The decision to impose a civil penalty order and on whom to impose it, and the decision to withdraw it because the alleged defaulter has shown cause why it should not be imposed, are all made by a designated officer – apparently the same one.  There is no provision for an appeal from or review of his or her decisions.

The Minister of Finance can amend the Schedule by statutory instrument, but before doing so he must lay the draft SI before the National Assembly and must not publish it if the Assembly resolves he should not do so.

Amendments to the Bank Use Promotion Act

The SI makes very similar amendments to the Bank Use Promotion Act.  A schedule is inserted in the Act allowing designated officers of the Reserve Bank to impose civil penalty orders on people who contravene provisions of the Act.  In this case the provisions are:

  1. Failing to open a bank account in contravention of section 10 of the Act, which requires traders registered under the Value Added Tax Act, parastatals and moneylenders (not banks) to open bank accounts.

Civil penalty:  a fixed penalty of ZW$20 000 plus ZW$10 000 for each day the defaulter fails to pay the fixed penalty, and a further ZW$20 000 for each day, up to 90 days, that the defaulter fails to open a bank account.

  1. Failing to allow customers to pay by electronic means in contravention of section 10A of the Act, which requires State agencies, local authorities, traders registered under the VAT Act and moneylenders to accept payment for goods and services by electronic means.

Civil penalty:  a fixed penalty of ZW$100 000 plus ZW$10 000 for each day the defaulter fails to pay the fixed penalty, and a further ZW$20 000 for each day, up to 90 days, that the defaulter fails to provide facilities for electronic payments.

  1. Failing to bank surplus cash in contravention of section 11 of the Act, which requires parastatals and traders registered under the VAT Act to bank their surplus cash daily.

Civil penalty:  a fixed penalty equal to the average day’s banking of cash plus, for each day the defaulter fails to pay the fixed penalty, an amount equal to the unpaid amount of the fixed penalty.

  1. Failing to keep records in contravention of section 13 of the Act, which requires parastatals and traders registered under the VAT Act to record their cash transactions.

Civil penalty:  a fixed penalty of ZW$200 000 plus ZW$10 000 for each day the defaulter fails to pay the fixed penalty, and a further ZW$20 000 for each day, up to 90 days, that the defaulter fails to open a bank account.

  1. Failing to comply with a disclosure order under section 18 of the Act, which empowers a unit of the Reserve Bank to issue orders requiring traders, parastatals, financial institutions including banks, and moneylenders to disclose their records and (in the case of financial institutions) their customers’ records.

Civil penalty:  a cumulative penalty of ZW$20 000 for each day the defaulter fails to make the required disclosure.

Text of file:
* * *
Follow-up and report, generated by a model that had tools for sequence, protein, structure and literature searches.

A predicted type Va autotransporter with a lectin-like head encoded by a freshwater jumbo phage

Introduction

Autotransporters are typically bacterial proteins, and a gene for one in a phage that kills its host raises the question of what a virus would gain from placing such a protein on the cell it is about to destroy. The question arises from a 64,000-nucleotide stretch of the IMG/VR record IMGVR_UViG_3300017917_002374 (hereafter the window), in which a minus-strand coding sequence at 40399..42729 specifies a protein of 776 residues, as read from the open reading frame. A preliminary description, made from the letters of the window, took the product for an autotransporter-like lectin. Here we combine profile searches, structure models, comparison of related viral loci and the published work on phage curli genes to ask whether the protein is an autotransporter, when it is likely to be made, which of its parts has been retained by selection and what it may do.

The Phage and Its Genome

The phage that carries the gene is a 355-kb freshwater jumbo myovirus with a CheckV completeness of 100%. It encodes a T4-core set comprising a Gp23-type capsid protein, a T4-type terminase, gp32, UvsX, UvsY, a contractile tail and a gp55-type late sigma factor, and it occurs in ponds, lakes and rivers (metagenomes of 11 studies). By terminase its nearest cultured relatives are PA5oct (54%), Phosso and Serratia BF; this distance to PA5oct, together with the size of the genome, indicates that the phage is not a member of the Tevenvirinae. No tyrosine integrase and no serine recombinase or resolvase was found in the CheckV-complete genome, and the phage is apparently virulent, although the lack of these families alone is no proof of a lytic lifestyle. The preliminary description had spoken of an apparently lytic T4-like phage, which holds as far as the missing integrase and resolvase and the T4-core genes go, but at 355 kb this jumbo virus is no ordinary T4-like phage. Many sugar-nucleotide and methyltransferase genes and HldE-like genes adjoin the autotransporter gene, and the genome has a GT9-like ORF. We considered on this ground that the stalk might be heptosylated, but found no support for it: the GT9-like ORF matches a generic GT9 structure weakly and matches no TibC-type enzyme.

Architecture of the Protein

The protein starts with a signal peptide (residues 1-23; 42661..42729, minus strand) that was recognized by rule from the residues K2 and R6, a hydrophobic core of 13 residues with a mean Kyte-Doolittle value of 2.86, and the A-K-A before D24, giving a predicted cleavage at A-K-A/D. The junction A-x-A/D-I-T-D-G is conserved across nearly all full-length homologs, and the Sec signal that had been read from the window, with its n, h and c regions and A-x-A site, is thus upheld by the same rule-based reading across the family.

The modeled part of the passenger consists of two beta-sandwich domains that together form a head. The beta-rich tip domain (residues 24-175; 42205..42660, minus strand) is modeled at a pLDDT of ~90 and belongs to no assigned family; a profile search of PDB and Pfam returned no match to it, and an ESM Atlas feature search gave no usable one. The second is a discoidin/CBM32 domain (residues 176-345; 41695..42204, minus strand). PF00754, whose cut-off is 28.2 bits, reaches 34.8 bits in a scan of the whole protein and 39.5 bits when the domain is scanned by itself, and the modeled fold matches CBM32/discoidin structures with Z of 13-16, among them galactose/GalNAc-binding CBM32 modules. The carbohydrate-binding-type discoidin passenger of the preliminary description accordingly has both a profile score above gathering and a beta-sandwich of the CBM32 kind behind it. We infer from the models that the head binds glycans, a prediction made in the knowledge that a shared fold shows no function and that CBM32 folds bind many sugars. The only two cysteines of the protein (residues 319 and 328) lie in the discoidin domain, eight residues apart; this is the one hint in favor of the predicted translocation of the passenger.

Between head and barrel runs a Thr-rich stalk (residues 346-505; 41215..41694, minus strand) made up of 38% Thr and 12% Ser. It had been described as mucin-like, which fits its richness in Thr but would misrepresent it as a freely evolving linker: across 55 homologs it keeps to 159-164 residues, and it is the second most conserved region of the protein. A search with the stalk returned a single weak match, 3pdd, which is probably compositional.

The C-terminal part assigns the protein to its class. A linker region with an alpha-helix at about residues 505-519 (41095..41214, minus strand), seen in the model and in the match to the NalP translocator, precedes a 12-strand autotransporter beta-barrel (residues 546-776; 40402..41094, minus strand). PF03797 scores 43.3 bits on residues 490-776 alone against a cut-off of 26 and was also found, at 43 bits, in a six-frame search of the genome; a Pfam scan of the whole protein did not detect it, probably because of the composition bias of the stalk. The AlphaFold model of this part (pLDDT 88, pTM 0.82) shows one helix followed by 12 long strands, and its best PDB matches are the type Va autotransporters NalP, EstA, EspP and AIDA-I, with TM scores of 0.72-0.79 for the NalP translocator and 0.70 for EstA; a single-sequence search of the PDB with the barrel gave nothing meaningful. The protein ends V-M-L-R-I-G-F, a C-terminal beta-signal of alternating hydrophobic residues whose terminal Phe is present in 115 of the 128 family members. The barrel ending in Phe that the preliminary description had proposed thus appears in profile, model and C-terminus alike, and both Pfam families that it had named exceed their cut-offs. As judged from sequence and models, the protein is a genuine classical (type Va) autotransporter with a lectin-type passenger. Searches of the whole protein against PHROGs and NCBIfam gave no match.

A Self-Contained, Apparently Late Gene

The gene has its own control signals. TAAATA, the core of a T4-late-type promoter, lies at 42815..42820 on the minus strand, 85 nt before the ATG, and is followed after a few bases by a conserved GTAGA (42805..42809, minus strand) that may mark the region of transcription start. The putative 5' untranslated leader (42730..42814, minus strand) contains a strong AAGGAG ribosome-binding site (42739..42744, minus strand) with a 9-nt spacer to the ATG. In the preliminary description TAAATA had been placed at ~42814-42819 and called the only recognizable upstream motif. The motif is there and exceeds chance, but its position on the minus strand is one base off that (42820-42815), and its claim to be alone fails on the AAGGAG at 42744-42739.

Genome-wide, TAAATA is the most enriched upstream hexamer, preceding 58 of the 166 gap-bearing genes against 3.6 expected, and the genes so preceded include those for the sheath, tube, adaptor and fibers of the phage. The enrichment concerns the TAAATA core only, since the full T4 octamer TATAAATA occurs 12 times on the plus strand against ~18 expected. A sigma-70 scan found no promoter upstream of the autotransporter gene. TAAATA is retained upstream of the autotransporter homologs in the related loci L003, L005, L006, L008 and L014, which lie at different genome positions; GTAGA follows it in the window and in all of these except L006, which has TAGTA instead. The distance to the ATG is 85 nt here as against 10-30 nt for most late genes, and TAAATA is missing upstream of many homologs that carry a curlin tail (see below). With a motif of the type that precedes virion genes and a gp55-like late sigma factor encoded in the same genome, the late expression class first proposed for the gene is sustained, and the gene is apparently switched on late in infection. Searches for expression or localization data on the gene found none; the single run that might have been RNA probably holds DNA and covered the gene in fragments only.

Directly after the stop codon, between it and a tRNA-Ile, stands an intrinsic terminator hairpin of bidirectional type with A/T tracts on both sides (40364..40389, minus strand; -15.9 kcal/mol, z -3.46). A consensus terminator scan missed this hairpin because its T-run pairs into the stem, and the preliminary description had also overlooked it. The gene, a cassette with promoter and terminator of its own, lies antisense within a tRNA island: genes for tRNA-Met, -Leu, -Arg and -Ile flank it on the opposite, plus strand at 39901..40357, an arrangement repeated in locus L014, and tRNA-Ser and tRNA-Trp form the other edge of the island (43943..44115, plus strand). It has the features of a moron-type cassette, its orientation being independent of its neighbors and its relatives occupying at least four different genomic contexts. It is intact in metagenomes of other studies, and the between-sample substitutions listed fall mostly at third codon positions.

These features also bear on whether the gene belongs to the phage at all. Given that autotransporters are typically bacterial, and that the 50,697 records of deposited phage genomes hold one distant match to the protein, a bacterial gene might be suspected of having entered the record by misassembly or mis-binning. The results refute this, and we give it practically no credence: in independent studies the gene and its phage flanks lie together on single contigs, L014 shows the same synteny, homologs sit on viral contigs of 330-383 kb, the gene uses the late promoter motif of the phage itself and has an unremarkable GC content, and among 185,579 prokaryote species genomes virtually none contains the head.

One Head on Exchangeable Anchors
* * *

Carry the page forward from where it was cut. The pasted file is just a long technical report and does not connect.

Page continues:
The provisions for serving civil penalty orders, for showing cause why an order should not be issued, and for enforcing orders, are the same as we mentioned above in regard to the new Schedule inserted in the Exchange Control Act.

Is SI 127 of 2021 Valid?

There are several grounds on which the provisions of the SI can be challenged – and, in Veritas’s view, validly challenged:

First of all, the SI is made under the Presidential Powers (Temporary Measures) Act, which is itself unconstitutional in that it gives plenary or primary law-making power to the President, something which is not allowed by section 134 of the Constitution.

Secondly, in so far as the SI purports to amend the Exchange Control Act, that Act is itself unconstitutional in that it too gives the President plenary or primary law-making powers.

Thirdly, the SI purports to amend two Acts of Parliament, something which at least one judgment of the High Court has held to be illegal.

Fourthly, the civil penalties are imposed without a court being involved at any stage.  They arguably amount to a compulsory deprivation of property in breach of section 71 of the Constitution.

Next, the provisions for civil penalty orders in both the new schedules can be challenged as grossly unreasonable on any of the first five grounds we set out above under the heading “points to note” when we were dealing with the new schedule in the Exchange Control Act.  To summarise those points:

The civil penalties are fixed and excessive, and make no allowance for minor defaults.  Moreover, they can be imposed in addition to criminal penalties.

All employees of a company that commits a civil default can have civil penalty orders imposed on them individually, regardless of whether they had anything to do with the default.

Impossibility of complying with the law is no defence to a civil penalty order, nor is ignorance of the law.

The same Reserve Bank designated officer who imposes a civil penalty order decides whether or not he or she was justified in imposing it:  the officer is judge in his or her own cause.  There is no appeal against his or her decision.

Comment

SI 127 of 2021 is yet another example of the Ministry of Finance’s fondness for legislating by statutory instrument, which is just one step away from legislating by decree.  Important changes to the laws regulating our economy are published in the Gazette without warning and often without adequate thought about their long-term consequences.  By enacting the changes as statutory instruments the Ministry avoids going to Parliament, where his proposals may be subjected to scrutiny, debate and criticism.  The result, all too often, is bad law.  SI 127 is certainly bad law, as we have shown – and we have not even considered its possible effect on the economy.

 

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2021